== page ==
Found among Ron Staines’ papers (BF 20A 3p): a letter to the Secretary of Harpenden History Society, dated 20 January 1981, from R J Richardson of 54 Stewart Road, who attended the school in 1912 when he was 6 and where he remained for 3 years:
At last month’s display I met Mr Simon Cotton and happened to mention to him that I went to school at Topstreet farmhouse. He said he did not think the Society was aware it had ever been used as a school and would I write you a few notes from my memory. As you know the old farmhouse still exists at the corner of Topstreet Way and Crabtree Lane.
The school comprised the two biggish front rooms and was run by a Mrs Brown and her daughter who lived at the corner of Milton and Spenser roads. They had one young assistant teacher, and there could not have been more than 25-30 pupils: we were divided into three classes so got plenty of individual attention.
There were large barns adjoining Crabtree Lane, a pigsty, a duckpond and all the time the work of the farm went on around us. Mr Dunckley was the farmer and the farm extended eastward up Crabtree Lane and westward as far as the railway. Some local people you may know went to the school – Leoni Crowther who lives in Milton Road, Marjorie and Howard Hasseldine (children of the artist), Stanley Cole (who runs New Mill End farm) and his two brothers and Edna Claridge (now married to Dr Robert Williams) who still lives in Harpenden.
I lived in Wheathampstead Road (now 52 Southdown Road) just round the corner from Crabtree Lane and remember the races on the Common: the last one of each meeting started from in front of our house and I have been told I saw Steve Donoghue on one of the horses. Walkers and Cravells roads had hoggin and peat laid on them where the horses would cross.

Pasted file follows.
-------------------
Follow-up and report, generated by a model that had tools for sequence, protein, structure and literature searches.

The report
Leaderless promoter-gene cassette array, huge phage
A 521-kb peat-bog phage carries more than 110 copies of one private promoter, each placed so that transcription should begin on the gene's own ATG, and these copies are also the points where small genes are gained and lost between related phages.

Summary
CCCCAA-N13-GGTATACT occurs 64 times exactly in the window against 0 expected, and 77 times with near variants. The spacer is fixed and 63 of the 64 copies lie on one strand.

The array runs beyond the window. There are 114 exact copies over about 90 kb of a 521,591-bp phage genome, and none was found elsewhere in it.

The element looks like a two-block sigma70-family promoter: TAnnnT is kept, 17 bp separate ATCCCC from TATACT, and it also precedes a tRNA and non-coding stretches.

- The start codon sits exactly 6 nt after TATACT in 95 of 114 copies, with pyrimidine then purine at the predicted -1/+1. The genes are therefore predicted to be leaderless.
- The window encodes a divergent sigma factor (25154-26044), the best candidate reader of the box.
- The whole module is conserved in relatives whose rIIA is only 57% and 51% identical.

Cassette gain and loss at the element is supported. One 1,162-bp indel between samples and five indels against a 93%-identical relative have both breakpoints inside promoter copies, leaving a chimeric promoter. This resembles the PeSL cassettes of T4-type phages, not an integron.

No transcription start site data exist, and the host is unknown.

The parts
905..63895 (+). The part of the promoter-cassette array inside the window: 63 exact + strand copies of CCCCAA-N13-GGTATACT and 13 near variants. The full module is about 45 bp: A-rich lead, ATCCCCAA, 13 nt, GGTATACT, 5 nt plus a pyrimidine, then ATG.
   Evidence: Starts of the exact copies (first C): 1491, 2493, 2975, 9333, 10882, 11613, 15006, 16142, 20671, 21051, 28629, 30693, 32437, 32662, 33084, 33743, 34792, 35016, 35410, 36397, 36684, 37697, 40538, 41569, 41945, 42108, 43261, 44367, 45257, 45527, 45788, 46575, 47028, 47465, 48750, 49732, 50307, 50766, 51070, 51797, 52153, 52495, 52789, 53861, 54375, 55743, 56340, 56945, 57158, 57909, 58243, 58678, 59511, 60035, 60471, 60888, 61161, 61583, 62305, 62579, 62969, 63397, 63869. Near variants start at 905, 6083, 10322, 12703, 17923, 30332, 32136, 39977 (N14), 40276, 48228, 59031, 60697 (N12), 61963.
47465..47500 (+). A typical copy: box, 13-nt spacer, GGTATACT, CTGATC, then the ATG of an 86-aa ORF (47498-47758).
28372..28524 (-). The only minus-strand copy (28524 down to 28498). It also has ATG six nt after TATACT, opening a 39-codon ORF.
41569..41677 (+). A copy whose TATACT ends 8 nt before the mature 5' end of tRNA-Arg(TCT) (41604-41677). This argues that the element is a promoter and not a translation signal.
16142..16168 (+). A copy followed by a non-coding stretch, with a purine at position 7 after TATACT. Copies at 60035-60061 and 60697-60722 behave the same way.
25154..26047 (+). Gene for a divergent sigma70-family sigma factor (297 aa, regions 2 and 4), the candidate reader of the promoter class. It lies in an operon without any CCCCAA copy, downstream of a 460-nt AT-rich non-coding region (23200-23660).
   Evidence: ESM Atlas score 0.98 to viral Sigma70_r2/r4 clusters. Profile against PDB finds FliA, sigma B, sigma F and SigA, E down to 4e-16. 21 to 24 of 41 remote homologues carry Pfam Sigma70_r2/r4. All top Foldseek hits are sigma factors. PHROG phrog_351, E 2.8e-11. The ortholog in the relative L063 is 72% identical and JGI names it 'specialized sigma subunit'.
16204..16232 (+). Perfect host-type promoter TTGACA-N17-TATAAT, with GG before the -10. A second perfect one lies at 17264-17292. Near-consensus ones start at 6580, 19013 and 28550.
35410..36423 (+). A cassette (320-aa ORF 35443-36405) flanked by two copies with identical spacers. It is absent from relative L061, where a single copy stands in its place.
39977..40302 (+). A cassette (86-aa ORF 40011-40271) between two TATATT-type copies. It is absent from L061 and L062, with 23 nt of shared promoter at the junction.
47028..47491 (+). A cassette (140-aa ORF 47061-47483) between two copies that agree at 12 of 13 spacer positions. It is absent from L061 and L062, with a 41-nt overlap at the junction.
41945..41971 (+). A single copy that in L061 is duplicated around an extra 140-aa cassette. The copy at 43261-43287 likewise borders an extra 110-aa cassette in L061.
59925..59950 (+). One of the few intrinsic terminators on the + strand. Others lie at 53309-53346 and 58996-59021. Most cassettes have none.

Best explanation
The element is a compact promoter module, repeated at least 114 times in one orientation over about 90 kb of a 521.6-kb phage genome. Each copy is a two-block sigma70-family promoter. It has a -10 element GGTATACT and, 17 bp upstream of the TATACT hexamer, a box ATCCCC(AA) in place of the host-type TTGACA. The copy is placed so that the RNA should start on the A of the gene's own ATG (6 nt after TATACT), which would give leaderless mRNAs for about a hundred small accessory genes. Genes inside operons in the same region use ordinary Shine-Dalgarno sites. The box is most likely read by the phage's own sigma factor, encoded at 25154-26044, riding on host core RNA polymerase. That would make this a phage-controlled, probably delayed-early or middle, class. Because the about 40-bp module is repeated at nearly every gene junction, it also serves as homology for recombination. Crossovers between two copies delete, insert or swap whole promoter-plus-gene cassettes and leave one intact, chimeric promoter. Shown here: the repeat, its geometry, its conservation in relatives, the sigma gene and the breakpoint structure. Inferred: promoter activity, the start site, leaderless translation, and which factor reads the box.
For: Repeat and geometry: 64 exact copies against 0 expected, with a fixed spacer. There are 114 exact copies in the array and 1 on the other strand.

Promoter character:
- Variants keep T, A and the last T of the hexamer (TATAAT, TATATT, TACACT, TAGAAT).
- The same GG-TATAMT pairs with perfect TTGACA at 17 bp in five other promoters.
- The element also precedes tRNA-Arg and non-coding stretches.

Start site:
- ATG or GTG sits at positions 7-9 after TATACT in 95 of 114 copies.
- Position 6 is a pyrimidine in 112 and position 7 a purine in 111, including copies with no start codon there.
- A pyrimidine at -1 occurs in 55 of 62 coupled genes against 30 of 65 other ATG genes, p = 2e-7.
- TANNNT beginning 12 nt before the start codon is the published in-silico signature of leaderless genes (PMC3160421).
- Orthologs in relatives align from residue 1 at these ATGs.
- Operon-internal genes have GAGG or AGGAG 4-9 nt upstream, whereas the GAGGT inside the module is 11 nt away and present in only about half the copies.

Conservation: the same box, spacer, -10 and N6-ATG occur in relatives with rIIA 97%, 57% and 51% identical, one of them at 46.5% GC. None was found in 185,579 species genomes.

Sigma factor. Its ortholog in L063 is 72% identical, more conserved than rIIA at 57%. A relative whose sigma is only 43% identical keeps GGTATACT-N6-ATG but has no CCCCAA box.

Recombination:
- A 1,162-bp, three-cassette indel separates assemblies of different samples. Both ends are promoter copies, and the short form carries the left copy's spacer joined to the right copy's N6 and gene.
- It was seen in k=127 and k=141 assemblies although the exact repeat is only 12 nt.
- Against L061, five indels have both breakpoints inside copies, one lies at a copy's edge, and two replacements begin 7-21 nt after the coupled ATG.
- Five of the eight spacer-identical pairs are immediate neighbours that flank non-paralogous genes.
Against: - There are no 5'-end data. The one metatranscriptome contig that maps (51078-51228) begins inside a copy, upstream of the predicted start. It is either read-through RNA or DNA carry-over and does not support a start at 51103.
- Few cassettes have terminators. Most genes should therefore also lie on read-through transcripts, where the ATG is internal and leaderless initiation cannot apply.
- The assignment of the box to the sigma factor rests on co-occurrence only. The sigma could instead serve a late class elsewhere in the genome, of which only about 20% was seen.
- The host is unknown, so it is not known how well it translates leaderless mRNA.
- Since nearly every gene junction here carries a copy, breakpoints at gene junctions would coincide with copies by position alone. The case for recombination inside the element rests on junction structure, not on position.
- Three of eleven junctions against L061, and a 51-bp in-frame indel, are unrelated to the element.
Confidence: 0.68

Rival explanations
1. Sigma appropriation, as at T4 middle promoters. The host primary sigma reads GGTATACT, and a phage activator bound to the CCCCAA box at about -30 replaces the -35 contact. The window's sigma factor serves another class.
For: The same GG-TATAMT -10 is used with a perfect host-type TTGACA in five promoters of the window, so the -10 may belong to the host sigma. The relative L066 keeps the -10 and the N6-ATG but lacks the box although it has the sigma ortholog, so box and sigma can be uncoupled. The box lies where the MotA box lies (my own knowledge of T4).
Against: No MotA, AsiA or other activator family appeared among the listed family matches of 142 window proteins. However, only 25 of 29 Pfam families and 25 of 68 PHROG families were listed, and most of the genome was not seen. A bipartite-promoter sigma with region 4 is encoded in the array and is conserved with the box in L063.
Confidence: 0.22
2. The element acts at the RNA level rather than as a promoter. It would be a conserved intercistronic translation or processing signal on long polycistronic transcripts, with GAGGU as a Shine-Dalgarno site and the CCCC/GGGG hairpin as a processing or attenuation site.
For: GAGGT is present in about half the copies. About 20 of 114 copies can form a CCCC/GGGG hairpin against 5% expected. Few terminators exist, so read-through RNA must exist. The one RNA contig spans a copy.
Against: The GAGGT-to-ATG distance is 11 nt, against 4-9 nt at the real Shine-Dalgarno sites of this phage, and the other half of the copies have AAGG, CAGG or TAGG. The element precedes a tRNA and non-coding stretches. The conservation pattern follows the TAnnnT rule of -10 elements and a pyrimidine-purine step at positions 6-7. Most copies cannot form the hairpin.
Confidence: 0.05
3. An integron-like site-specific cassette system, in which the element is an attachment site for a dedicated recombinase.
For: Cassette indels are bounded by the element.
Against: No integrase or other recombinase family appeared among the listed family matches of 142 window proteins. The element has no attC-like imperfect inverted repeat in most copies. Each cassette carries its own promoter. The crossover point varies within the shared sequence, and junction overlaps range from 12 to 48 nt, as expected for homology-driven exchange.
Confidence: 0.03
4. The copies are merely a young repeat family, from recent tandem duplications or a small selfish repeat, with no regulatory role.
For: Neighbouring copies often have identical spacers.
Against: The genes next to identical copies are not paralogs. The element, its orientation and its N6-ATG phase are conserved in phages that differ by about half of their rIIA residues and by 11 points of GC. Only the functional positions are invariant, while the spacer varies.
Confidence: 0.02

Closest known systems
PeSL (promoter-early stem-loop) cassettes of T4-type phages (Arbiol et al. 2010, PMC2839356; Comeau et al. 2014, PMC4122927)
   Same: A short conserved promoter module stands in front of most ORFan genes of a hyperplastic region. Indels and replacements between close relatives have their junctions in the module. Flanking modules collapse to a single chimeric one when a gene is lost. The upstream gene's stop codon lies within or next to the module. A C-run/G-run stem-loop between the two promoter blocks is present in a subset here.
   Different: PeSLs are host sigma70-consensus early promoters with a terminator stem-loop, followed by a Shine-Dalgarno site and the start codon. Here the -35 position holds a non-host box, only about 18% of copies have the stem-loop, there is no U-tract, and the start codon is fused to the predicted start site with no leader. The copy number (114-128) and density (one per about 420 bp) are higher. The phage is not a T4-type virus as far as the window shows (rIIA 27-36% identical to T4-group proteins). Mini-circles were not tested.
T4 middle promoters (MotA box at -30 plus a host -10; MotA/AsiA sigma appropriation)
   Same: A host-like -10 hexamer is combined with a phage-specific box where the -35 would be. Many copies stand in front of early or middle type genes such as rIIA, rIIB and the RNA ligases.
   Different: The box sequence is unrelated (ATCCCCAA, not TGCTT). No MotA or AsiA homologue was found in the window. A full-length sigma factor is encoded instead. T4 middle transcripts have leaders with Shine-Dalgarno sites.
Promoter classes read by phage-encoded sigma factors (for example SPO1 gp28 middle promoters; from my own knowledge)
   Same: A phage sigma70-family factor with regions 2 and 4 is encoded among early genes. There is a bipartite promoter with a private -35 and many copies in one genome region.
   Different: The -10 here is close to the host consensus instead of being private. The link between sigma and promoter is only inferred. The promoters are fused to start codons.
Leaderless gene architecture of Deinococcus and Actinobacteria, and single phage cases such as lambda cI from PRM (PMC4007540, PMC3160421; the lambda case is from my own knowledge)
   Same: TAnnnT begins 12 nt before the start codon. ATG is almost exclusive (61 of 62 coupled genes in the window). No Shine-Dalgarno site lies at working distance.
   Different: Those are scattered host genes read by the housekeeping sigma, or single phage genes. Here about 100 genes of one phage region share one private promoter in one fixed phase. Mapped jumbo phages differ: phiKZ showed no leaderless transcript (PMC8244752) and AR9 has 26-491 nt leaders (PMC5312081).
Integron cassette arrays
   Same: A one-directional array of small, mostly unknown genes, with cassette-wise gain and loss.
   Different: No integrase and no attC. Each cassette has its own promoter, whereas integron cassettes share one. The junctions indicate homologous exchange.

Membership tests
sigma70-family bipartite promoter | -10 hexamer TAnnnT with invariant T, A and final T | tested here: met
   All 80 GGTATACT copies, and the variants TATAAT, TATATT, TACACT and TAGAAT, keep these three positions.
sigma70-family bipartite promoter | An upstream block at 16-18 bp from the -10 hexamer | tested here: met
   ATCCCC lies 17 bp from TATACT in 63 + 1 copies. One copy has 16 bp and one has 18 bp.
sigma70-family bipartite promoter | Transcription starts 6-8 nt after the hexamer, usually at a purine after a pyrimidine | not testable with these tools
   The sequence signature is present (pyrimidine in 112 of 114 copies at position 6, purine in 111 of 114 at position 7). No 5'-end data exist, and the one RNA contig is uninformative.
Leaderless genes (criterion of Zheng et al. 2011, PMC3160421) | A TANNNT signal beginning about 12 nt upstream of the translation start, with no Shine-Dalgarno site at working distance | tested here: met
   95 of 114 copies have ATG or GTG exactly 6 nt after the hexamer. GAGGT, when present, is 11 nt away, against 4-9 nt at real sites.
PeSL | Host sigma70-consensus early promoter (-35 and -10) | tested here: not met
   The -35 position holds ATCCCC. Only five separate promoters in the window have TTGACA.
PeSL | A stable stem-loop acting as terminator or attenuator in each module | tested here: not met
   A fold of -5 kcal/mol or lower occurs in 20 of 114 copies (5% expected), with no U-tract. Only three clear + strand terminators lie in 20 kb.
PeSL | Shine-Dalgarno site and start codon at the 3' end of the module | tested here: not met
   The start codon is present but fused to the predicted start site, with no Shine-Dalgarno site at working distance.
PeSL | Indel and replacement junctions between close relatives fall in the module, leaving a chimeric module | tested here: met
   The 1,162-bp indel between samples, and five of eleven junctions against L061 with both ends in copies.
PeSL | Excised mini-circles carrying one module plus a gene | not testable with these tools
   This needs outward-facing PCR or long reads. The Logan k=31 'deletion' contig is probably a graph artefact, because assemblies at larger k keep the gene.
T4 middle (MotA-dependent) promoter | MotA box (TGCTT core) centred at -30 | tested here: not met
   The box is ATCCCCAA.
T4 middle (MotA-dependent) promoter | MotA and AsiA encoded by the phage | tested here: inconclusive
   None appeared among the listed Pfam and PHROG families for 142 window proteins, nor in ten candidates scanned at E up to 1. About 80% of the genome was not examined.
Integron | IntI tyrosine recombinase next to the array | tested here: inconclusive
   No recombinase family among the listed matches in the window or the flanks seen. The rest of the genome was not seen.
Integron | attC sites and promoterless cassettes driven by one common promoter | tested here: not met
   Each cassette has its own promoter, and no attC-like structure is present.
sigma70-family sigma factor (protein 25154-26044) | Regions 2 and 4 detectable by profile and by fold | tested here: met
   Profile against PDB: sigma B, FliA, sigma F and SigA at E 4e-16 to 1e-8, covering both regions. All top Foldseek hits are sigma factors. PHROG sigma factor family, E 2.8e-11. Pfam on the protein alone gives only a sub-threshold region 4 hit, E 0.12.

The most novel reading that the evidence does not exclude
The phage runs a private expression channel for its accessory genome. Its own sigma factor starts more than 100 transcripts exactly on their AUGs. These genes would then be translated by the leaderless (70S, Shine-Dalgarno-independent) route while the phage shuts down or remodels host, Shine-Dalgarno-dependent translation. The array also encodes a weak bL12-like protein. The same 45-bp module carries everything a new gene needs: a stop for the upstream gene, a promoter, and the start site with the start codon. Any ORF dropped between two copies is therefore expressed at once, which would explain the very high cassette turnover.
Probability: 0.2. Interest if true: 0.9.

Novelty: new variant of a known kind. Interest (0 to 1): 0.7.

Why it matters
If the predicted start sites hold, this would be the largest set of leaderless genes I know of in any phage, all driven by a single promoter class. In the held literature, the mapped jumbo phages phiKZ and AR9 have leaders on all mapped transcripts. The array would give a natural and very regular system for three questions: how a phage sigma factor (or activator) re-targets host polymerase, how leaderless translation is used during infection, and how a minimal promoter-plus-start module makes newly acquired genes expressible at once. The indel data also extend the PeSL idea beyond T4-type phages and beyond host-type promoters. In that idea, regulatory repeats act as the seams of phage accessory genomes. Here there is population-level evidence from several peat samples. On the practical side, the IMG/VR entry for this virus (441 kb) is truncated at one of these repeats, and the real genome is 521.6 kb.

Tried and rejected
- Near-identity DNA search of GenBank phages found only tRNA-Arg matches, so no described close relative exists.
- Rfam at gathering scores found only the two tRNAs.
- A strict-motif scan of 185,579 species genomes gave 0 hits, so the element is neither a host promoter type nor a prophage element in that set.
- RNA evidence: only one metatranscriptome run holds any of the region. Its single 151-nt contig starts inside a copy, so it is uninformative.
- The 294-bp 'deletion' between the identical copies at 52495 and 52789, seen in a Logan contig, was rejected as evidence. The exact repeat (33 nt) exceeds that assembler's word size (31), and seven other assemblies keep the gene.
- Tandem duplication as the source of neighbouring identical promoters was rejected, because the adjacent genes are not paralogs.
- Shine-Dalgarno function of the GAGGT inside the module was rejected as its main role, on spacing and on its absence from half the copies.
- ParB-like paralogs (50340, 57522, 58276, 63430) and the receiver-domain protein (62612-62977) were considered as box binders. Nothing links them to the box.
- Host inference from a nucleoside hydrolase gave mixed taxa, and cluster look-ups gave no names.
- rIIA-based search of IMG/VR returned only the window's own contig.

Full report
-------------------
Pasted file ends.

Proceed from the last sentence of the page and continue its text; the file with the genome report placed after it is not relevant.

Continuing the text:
There was a little shop in the Bowling Alley between the Queen’s Head (now the Skew Bridge) and the Skew Bridge which sold sweets and my mother would give me a halfpenny which I would spend by buying a small packet of desiccated coconut made up to look like tobacco for a farthing and a sweet looking like a cigarette for the other farthing. An acid drop on a stick immersed in sherbet in a paper bag cost a halfpenny.
Every day a flock of sheep used to be driven down Crabtree Lane to graze on the Common. Mr Watler in Queen’s Road used to milk his cows and bring the milk round to us still warm: there was no pasteurisation in those days. His eggs were a shilling a score. His man used to drive the cows across the Common to Hatching Green for grazing and back again in the evening.
My grandfather told me that Sir John Lawes thought the Skew Bridge was an eyesore and he had a double row of trees planted on the Common (opposite our house) so that he and his guests would not see it when they came out of the drive of Rothamsted Park. For some reason the trees never thrived and very few of them are left now.